Coordination Decisions: Firms don’t have competing objectives but coordinating their decisions will lead to higher profits e.g. Producing appliances that require either 90-volt or 120-volt outlets
A Coordination Game in Normal Form Firm B Firm A
Coordination Game: 2 Nash Equilibria • What would you do if you manage Firm A? If you do not know what firm B is going to do, you’ll have to guess what B will do. Effectively, both you and firm B will do better by coordinating your actions. 2 Nash equilibria. If the firms can ‘talk’ to each other, they can agree on what to produce. Notice, there’s no incentive to cheat here This is a game of coordination rather than game of conflicting interest
Simultaneous-Move Bargaining • Management and a union are negotiating a wage increase. • Strategies are wage offers & wage demands. • Players have one chance to reach an agreement and offer is made simultaneously. • Parties are bargaining over how much of $100 in surplus must go to the union
Assume the surplus can be split only into $50 increments • One shot to reach agreement • Parties simultaneously write the amount they desire on a piece of paper. • If the sum of the amounts does not exceed $100, players get the specified amount • If sum exceeds $100, stalemate, costing each player $1
The Bargaining Game in Normal Form Union Management
Simultaneous-Move Bargaining • 3 Nash equilibria outcomes. • Multiplicity of equilbria leads to inefficiency if parties fail to “co-odinate” on an equilibrium • 6 of 9 outcomes are inefficient because they don’t sum up to 100 • Clearly, in this game management must ask for 50 if they
Key Insights: • Not all games are games of conflict. • Communication can help solve coordination problems. • Sequential moves can help solve coordination problems.
Infinitely Repeated Games • Game played over and over again. Players receive payoff during each repetition of game • Firms compete week after week, year after year game is repeated over time • To evaluate profits earned during this game, consider the PV of all payoffs. • If payoffs are the same in each period, then for an infinitely played game • PV = 1/i * constant profit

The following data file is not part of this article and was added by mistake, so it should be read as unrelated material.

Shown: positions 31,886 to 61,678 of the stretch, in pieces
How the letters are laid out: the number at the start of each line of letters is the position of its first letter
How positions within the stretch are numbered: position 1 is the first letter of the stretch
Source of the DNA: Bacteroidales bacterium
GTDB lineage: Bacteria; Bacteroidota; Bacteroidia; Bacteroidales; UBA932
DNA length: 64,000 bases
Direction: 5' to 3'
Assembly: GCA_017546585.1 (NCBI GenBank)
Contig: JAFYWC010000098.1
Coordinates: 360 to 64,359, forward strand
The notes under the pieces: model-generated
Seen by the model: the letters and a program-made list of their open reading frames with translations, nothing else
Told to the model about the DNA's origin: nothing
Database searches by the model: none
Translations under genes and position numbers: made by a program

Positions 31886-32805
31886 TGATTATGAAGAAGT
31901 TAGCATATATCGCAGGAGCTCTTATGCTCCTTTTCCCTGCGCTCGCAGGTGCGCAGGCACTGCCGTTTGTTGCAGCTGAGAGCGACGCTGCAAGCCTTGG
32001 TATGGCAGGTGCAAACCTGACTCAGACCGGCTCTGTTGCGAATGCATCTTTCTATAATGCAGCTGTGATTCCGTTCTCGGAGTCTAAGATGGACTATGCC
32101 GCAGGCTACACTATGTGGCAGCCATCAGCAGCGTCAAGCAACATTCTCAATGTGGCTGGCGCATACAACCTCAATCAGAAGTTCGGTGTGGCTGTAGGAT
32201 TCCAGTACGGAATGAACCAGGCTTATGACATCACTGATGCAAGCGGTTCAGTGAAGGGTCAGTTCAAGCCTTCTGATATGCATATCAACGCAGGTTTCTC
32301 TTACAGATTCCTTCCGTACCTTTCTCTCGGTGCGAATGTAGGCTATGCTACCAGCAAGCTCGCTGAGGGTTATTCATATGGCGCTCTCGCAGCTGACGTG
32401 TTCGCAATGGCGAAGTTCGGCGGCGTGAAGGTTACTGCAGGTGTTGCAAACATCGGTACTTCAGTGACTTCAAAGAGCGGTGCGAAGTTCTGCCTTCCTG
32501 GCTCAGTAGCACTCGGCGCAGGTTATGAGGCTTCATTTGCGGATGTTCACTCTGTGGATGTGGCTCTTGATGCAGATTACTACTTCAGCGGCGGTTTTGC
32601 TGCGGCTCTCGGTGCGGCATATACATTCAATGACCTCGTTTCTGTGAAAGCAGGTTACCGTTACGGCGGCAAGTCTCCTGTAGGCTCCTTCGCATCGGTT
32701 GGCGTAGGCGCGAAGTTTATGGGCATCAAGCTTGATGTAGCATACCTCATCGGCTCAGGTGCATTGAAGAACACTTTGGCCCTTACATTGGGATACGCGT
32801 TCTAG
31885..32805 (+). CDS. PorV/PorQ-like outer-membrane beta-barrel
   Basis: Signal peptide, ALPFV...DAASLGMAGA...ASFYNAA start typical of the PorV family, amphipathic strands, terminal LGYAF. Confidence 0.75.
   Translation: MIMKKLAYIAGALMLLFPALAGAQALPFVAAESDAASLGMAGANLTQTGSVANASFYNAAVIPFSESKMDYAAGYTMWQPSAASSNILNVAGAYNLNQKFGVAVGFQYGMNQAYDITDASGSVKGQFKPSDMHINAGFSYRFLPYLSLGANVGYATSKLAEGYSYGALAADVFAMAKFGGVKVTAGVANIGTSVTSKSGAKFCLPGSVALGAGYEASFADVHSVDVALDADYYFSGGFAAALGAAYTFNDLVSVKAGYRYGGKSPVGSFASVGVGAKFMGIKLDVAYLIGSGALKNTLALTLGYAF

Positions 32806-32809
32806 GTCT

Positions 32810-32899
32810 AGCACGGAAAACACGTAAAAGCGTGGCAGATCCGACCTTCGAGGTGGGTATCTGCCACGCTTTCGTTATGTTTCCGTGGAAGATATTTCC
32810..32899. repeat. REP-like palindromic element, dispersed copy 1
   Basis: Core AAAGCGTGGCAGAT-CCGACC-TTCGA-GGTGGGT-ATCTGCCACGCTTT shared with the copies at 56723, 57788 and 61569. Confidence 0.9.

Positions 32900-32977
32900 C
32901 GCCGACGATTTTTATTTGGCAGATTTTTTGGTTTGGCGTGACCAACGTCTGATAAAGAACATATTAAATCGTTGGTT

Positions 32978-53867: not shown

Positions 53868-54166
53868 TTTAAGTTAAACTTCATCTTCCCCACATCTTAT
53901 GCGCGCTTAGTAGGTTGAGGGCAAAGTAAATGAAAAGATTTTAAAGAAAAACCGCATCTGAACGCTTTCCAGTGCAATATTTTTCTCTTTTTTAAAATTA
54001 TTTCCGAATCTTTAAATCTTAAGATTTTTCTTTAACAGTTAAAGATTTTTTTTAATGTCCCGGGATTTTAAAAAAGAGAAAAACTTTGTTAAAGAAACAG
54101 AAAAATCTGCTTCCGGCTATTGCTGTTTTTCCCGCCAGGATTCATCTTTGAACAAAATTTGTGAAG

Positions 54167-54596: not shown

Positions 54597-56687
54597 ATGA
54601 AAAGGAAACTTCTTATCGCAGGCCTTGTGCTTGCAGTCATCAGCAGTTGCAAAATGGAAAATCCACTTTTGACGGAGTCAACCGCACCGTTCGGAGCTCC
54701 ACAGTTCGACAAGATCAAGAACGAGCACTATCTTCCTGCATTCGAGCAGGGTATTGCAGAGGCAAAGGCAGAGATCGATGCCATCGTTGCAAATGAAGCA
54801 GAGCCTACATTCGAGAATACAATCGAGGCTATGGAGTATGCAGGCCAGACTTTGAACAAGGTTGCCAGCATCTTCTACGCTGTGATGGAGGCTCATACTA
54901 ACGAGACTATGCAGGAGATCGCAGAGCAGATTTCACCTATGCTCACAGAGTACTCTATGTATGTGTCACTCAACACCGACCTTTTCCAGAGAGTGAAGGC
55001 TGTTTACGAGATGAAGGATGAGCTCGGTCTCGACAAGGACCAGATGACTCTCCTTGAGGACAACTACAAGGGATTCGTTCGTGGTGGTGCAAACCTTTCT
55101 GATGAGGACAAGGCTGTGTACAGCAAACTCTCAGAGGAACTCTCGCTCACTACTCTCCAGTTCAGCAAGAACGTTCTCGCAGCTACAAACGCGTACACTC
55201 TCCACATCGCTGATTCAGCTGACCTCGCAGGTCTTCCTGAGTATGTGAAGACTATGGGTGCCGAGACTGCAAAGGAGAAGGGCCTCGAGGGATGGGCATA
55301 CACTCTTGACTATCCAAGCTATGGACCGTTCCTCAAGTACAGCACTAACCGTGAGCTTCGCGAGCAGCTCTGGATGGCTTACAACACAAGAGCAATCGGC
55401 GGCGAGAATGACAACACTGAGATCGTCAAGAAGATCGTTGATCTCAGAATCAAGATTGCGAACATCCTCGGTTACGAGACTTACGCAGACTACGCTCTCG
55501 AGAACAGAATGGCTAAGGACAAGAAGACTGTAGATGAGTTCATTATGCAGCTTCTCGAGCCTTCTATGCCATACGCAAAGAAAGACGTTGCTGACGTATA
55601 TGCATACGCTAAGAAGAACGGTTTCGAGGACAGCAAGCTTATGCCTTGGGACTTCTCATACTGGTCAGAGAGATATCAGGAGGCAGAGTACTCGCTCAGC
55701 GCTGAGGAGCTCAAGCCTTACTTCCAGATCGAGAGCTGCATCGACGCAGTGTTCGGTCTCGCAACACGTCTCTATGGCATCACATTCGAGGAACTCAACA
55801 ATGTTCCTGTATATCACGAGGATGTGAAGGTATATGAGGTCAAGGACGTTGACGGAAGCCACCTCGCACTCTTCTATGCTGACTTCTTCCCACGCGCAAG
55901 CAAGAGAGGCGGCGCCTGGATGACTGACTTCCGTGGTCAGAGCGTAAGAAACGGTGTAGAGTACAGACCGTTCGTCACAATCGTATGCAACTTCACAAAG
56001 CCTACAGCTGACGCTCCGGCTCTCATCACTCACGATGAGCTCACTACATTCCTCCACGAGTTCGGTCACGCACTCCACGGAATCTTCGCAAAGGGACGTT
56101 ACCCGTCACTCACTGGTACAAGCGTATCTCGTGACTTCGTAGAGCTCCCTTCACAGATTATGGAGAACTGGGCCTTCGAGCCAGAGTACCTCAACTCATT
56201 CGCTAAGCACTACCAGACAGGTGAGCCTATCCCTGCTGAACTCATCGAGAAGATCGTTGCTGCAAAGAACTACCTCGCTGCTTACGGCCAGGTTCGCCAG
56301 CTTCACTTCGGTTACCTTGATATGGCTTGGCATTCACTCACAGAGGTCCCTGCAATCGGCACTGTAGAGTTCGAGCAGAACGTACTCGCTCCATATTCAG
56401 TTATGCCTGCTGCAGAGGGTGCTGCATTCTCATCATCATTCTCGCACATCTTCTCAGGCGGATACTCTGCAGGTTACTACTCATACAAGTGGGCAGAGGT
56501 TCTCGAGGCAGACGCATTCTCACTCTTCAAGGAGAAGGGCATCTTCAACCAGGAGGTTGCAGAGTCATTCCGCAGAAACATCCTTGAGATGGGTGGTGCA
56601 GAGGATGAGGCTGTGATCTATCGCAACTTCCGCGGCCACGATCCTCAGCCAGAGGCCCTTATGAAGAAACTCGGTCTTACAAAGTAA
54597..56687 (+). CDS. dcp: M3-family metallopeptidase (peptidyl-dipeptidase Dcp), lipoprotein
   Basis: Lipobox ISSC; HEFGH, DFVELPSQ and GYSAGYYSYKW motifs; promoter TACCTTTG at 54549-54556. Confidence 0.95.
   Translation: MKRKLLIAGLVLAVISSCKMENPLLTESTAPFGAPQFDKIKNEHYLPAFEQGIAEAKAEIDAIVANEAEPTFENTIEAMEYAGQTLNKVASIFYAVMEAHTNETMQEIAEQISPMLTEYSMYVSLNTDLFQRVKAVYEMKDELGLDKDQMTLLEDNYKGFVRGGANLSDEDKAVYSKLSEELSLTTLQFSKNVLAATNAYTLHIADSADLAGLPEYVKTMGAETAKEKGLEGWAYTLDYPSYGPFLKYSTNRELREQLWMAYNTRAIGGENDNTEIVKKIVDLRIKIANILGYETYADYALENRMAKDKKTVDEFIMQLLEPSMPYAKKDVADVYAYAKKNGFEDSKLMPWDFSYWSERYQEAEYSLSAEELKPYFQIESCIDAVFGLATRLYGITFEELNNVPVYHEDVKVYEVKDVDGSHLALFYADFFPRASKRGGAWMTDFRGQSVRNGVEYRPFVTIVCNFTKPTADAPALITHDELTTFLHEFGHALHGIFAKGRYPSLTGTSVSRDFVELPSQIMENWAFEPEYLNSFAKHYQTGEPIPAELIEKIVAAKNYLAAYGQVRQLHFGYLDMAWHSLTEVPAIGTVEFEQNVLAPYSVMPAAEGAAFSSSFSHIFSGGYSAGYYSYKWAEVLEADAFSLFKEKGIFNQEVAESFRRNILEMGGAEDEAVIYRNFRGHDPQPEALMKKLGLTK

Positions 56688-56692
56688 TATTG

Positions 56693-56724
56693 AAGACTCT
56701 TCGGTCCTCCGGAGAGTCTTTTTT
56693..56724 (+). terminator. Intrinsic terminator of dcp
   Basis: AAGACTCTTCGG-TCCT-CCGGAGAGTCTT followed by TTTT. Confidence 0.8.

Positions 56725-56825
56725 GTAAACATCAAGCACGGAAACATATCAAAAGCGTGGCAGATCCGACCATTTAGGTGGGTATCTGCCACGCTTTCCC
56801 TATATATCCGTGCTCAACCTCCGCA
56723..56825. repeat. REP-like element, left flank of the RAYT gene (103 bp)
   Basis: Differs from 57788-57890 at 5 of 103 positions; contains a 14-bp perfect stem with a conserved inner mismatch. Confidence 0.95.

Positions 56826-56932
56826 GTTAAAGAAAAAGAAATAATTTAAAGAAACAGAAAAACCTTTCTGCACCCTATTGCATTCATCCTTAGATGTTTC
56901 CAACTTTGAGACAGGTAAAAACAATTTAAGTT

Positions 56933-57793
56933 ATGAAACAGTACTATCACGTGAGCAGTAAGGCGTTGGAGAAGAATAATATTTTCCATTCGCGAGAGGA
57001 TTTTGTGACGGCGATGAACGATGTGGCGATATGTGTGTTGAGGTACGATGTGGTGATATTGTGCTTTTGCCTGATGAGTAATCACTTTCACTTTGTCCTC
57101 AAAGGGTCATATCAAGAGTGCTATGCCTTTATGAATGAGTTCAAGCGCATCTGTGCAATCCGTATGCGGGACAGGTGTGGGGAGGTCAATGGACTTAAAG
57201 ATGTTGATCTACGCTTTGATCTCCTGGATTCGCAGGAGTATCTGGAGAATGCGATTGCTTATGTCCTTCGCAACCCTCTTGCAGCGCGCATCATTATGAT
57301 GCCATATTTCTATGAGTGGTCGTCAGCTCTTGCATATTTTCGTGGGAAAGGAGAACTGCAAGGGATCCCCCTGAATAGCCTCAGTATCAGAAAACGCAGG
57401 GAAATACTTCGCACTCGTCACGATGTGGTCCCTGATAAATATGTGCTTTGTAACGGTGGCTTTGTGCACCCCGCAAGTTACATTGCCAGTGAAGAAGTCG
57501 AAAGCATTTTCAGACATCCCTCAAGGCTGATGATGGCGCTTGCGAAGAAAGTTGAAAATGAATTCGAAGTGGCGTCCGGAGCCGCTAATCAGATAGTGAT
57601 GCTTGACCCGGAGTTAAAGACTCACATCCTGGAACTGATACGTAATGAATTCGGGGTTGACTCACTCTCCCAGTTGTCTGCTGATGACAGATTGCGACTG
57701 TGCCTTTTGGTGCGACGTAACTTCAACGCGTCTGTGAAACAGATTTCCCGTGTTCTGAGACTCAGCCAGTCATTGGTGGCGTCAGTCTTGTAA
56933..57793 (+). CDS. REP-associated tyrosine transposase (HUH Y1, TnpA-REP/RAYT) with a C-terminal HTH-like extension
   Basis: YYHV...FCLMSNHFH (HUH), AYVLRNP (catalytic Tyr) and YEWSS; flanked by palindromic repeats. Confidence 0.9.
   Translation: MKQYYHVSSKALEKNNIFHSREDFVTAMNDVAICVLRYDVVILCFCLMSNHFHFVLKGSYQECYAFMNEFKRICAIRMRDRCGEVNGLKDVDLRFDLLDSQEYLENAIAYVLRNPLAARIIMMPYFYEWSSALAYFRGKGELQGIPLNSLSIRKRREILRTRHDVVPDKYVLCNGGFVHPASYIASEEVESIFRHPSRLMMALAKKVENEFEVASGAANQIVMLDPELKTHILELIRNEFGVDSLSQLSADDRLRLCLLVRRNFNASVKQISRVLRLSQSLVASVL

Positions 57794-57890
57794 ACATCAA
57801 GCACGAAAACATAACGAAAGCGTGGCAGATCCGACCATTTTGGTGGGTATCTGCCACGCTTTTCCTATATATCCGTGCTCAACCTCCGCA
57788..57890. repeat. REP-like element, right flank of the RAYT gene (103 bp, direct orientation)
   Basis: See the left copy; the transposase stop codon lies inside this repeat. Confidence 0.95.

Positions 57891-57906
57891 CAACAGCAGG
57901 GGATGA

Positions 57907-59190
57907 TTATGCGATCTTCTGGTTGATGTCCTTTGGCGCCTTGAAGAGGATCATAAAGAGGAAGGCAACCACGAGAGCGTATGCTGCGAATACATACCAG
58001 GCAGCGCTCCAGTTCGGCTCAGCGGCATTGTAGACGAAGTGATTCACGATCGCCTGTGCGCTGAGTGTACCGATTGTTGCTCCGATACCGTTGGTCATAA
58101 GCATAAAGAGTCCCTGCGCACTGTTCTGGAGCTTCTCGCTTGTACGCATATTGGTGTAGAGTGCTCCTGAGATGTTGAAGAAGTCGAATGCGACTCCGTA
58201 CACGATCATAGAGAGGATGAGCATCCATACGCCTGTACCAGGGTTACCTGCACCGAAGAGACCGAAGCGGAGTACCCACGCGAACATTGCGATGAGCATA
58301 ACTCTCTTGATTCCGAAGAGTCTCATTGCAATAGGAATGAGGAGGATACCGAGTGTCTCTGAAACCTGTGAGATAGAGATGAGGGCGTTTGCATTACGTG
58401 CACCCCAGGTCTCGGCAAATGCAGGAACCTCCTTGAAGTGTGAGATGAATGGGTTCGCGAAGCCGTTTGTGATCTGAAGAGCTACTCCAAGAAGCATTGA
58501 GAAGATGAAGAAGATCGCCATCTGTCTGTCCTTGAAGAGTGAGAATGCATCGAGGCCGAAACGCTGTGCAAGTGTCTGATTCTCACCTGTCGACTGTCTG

An Advertising Game • Two firms (Kellogg’s & General Mills) managers want to maximize profits. • Strategies consist of pricing actions. • Simultaneous moves. • Repeated interaction.
Equilibrium to the One-Shot Pricing Game General Mills Kellogg’s
When firms repeatedly face this type of matrix, they use “trigger strategy” • Trigger Strategy – is a strategy that is contingent on the past plays of players in a game • A player who adopts a trigger strategy continues to choose the same action until some other player takes an action that “triggers” a different action by the first player
Can collusion work if firms play the game each year, forever? • Consider the following “trigger strategy” by each firm: • “We will each charge the high price, provided neither of us has ever “cheated” in the past. If one of us cheats and charges a low price, the other player will “punish” the deviator by charging low price in ever period thereafter” • In effect, each firm agrees to “cooperate” so long as the rival hasn’t “cheated” in the past. “Cheating” triggers punishment in all future periods.